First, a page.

Bochy said his closer -- Wilson, he of the mysteriously black facial hair that spurred the "Fear the Beard" slogan -- might be able to help him regain his youthful pate.
But Newsom had other ideas for Wilson.
"This town needs a new mayor soon," said Newsom, who won election Tuesday as Lieutenant Governor of California. "I just have three words: Fear the Beard."
Said Wilson: "I'd like to thank the mayor for allowing me to try and take the reins. I don't think I'm up for that job."
Indeed, the celebration had its San Francisco flavor, with the cast from Beach Blanket Babylon -- including front woman Tammy Nelson, who had people talking around the country after she performed "God Bless America" at a playoff game with the same city skyline on top of her head -- and Journey lead singer Steve Perry on the podium as "Don't Stop Believin'," the team's rally song, started the festivities.
And Newsom brought a real San Francisco element to the table when, inspired by backup catcher Eli Whiteside's Deadhead Giants T-shirt, quoted the late, great Jerry Garcia.
"He said, 'You don't want to be the best of the best, you want to be the only one who does what you do' -- and that's our San Francisco Giants in 2010," Newsom said.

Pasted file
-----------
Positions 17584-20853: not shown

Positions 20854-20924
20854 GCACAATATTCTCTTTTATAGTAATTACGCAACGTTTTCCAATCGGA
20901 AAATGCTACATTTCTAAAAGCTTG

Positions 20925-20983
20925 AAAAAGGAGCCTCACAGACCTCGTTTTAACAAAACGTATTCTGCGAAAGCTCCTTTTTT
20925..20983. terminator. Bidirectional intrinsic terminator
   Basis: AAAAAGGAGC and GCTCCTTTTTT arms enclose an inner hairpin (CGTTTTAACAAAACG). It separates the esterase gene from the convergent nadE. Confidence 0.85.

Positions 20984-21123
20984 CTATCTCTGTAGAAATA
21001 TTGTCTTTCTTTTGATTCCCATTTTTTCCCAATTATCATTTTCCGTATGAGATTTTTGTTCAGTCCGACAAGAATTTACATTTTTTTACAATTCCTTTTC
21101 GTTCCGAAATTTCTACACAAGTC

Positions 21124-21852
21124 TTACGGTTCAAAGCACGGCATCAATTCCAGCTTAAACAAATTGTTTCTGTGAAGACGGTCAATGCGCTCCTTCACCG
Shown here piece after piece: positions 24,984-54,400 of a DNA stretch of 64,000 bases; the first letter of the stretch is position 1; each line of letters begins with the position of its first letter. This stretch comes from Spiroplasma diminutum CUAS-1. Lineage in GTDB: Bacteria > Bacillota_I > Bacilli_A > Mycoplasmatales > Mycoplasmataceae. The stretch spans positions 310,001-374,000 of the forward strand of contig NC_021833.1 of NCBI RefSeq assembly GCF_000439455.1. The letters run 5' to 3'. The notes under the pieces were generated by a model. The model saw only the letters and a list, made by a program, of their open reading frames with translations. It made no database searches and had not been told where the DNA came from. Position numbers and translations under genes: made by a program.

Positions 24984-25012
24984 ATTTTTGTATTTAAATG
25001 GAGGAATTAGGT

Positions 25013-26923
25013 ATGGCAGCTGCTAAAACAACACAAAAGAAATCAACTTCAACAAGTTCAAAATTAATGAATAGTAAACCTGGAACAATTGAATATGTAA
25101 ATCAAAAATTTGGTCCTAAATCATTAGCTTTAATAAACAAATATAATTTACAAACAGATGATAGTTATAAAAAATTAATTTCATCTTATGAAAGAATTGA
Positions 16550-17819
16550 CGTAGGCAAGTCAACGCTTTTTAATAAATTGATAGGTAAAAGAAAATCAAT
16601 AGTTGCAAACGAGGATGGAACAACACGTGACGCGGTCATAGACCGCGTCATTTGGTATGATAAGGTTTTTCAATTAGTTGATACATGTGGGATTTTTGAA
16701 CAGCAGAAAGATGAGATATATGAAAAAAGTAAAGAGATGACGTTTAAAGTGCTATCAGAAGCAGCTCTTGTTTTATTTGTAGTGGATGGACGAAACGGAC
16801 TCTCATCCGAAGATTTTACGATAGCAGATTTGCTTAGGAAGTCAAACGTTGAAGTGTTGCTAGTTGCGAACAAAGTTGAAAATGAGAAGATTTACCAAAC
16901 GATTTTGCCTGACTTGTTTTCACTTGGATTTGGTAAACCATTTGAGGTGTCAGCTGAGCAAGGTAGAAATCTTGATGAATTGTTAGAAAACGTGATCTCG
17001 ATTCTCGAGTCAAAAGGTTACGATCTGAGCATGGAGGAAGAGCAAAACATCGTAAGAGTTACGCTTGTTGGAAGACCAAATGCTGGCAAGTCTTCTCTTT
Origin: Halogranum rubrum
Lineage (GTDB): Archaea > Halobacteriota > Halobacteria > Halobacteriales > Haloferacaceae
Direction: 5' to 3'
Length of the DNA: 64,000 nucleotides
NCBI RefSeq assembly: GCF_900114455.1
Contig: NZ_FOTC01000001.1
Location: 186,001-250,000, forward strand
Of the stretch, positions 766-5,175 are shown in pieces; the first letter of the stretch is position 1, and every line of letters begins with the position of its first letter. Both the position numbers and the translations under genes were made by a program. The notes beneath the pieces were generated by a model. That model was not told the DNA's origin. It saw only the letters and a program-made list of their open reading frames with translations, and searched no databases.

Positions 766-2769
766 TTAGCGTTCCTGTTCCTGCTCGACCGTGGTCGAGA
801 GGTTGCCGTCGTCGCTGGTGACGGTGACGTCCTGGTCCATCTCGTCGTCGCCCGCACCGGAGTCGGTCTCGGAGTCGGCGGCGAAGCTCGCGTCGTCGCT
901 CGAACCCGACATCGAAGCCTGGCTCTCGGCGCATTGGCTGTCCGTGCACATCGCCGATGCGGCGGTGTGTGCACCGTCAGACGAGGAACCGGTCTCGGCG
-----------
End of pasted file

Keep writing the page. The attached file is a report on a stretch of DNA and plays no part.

Certainly, this is the only team that had a first baseman wearing a red rally thong, and at his turn at the podium, Aubrey Huff did his best "Zoolander" imitation, reached into his pants and grabbed the rally thong to wave to the crowd.
"This thing nailed it," Huff said. "World champions. The rally thong's going to the Hall of Fame, or maybe I'll just wear it again in Spring Training."
Predictably, Buster Posey was a bit more distinguished with his comments, though no less passionate.
"San Francisco Giants. World Series champions. Let's enjoy this today, tomorrow, for a week, maybe even for a month and then let's get back to work and make another run at it," Posey said.
The celebration hit high gear at the end with the introduction of three of the team's homegrown pitching stars -- Lincecum, Wilson and Matt Cain.